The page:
**From:** Paul Cockshott (*wpc@DCS.GLA.AC.UK*)

**Date:** Mon Jul 31 2006 - 16:54:34 EDT

**Previous message:**Michael Perelman: "Re: [OPE-L] Neo-classical Equilibrium shown to be NP-hard"**In reply to:**Michael Perelman: "Re: [OPE-L] Neo-classical Equilibrium shown to be NP-hard"**Messages sorted by:**[ date ] [ thread ] [ subject ] [ author ] [ attachment ]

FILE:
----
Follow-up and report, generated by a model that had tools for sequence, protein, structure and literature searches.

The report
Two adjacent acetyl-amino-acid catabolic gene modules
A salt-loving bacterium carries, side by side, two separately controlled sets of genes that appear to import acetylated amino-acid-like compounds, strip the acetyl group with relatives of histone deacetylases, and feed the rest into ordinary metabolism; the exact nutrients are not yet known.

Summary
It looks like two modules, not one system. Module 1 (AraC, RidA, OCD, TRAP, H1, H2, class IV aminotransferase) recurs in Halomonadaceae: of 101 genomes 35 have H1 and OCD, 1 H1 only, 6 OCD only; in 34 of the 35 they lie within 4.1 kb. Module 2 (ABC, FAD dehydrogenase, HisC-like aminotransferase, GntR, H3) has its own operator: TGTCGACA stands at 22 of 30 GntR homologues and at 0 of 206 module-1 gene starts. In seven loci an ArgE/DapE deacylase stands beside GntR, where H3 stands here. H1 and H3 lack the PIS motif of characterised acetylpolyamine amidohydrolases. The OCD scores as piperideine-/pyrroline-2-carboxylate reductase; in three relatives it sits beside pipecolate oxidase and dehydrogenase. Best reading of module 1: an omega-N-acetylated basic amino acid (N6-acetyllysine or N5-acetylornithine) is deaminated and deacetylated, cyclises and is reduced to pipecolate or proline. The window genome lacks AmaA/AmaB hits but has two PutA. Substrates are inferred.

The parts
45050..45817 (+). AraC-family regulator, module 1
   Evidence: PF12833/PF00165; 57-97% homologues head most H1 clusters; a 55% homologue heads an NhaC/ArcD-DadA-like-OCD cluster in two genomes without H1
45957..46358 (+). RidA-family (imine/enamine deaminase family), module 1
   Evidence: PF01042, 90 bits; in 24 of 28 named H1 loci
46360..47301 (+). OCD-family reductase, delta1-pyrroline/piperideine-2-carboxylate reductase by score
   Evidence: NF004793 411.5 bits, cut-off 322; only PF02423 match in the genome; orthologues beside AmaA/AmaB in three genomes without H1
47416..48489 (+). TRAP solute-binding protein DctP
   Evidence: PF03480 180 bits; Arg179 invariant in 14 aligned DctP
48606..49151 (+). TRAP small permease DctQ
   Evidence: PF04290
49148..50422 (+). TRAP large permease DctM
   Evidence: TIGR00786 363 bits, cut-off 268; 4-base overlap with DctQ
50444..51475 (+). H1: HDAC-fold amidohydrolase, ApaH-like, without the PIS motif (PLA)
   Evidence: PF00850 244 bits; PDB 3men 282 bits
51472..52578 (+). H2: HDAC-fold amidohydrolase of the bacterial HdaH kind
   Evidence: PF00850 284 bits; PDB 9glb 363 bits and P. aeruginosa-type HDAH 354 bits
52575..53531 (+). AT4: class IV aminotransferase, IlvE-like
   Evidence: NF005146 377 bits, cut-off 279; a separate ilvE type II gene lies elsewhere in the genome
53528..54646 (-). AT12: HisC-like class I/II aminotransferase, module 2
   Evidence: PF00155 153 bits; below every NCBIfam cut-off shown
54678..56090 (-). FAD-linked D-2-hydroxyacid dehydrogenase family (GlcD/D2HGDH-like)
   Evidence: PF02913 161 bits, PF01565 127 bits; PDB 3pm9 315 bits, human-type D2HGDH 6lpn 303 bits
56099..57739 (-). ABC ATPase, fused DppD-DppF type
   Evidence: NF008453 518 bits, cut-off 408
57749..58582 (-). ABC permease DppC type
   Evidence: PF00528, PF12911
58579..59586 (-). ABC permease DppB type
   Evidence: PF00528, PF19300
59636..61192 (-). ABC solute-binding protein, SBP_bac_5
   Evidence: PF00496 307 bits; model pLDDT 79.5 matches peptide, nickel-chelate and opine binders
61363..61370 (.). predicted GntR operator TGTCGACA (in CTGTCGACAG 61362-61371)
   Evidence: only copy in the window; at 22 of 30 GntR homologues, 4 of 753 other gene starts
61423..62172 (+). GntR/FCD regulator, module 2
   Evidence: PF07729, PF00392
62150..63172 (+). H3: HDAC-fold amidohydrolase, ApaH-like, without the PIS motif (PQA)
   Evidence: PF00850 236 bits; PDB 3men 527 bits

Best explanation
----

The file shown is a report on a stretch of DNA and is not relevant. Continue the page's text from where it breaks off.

@book{hayek:1955, author={F. A. Hayek}, title={{The Counter-Revolution of Science}}, publisher={The Free Press}, year={1955}, address={New York} } -----Original Message----- From: OPE-L [mailto:OPE-L@SUS.CSUCHICO.EDU] On Behalf Of Michael Perelman Sent: 31 July 2006 17:37 To: OPE-L@SUS.CSUCHICO.EDU Subject: Re: [OPE-L] Neo-classical Equilibrium shown to be NP-hard I am having trouble getting a handle on the references. What is Hayek:1955 p. 43? My copy of The Counter-Revolution of Science has no note 37 on those pages, one of which is blank and the next one is the first page of chapter 12. On Mon, Jul 31, 2006 at 09:43:22AM +0100, Paul Cockshott wrote: > Implications of a new research result > > > > One of the Hayekian objections to the notion of economic planning > > Has been to object that the sheer scale of the economic problem is > > such that although conceivable in principle, such computations would > > be unrealisable in practice {Hayek:1955 p. 43), and note 37 on pp. > 212--213, of of The Counter-Revolution of Science. In the note, Hayek > appeals to the judgment of Pareto and Cournot, that the solution of a > system of equations representing the conditions of general equilibrium > would be practically infeasible. This is perhaps worth emphasizing in > view of the > > tendency of Hayek's modern supporters to play down the computational > issue. > > > > > > However neo-classical economists and the Austrian school have a very > particular concept of equilibrium. One possible concept of equilibrium > would be Statistical equilibrium: not a point in phase space, but a > region defined by certain macroscopic variables, such that there is a > large set of microscopic conditions that are compatible with it. This is > the concept > > advanced by Machover. > > > > The concept of equilibrium with which Hayek was familiar was, in > contrast, that of a mechanical equilibrium, a unique position in at > which all forces > > acting on the economy come into balance. > > Arrow supposedly established the existence of this sort of equilibria > for competitive economies, but as Velupillai{2003} showed, his proof > rests on theorems that are only valid in non-constructive mathematics. > > > > Why does it matter whether Arrow used constructive or non-constructive > mathematics? > > > > Because only constructive mathematics has an algorithmic implementation > and is guaranteed to be effectively computable. But even if > > a) a mechanical economic equilibrium can be proven to exist, > > b) it can be shown that there is an effective procedure by which this > can > > be determined : i.e., the equilibrium is in principle computable, > > > > there is still the question of its computation tractability. What > complexity > > order governs the computation process that arrives at the solution? > > > > Suppose that an equilibrium exists, but that all algorithms to search > for it are NP-hard, that is, the algorithms may have a running time that > is exponential in the size of the problem. This is just what has been > shown by Deng and Huang, (Information Processing Letters vol 97, 2006). > > > > Their result might at first seem to support Hayek's contention that the > > problem of rational economic planning is computationally intractable. In > > Hayek's day, the notion of NP-hardness had not been invented, but he > > would seem to have been retrospectively vindicated. Problems with > > a computational cost that grows as exp(n) soon become astronomically > > difficult to solve. > > > > I mean astronomical in a literal sense. One can readily specify an > NP-hard > > problem that involves searching more possibilities than there are atoms > > in the universe before arriving at a definite answer. Such problems, > > although in principle finite, are beyond any practical solution. > > > > But this knife cuts with two edges. On the one hand it shows that > > no planning computer could solve the neo-classical problem of economic > > equilibrium. On the other it shows that no collection of millions of > > individuals interacting via the market could solve it either. In > > neo-classical economics, the number of constraints on the equilibrium > > will be proportional, among other things, to the number of economic > actors n. > > The computational resource constituted by the actors > > will be proportional to $n$ but the cost of the computation will grow as > en. Computational > > resources grow linearly, computational costs grow exponentially. This > means that > > a market economy could never have sufficient computational resources > > to find its own mechanical equilibrium. > > > > It follows that the problem of finding the neo-classical equilibrium is > a mirage. > > No planning system could discover it, but nor could the market. The > neo-classical problem of equilibrium misrepresents what capitalist > economies actually do and also sets an impossible goal for socialist > planning. > > > > If you dispense with the notion of mechanical equilibrium and replace it > with statistical equilibrium one arrives at a problem that is much more > tractable. The simulations of Ian Wright show that a market economy can > rapidly converge on this sort of equilibrium. But this is because > regulation by the law of > > value is computationally tractable. This same tractability can be > exploited in a socialist planning system. Economic planning does not > have to solve the impossible problem of neo-classical equilibrium, it > merely has to > > apply the law of value more efficiently. > > > > > > > > > -- Michael Perelman Economics Department California State University Chico, CA 95929 Tel. 530-898-5321 E-Mail michael at ecst.csuchico.edu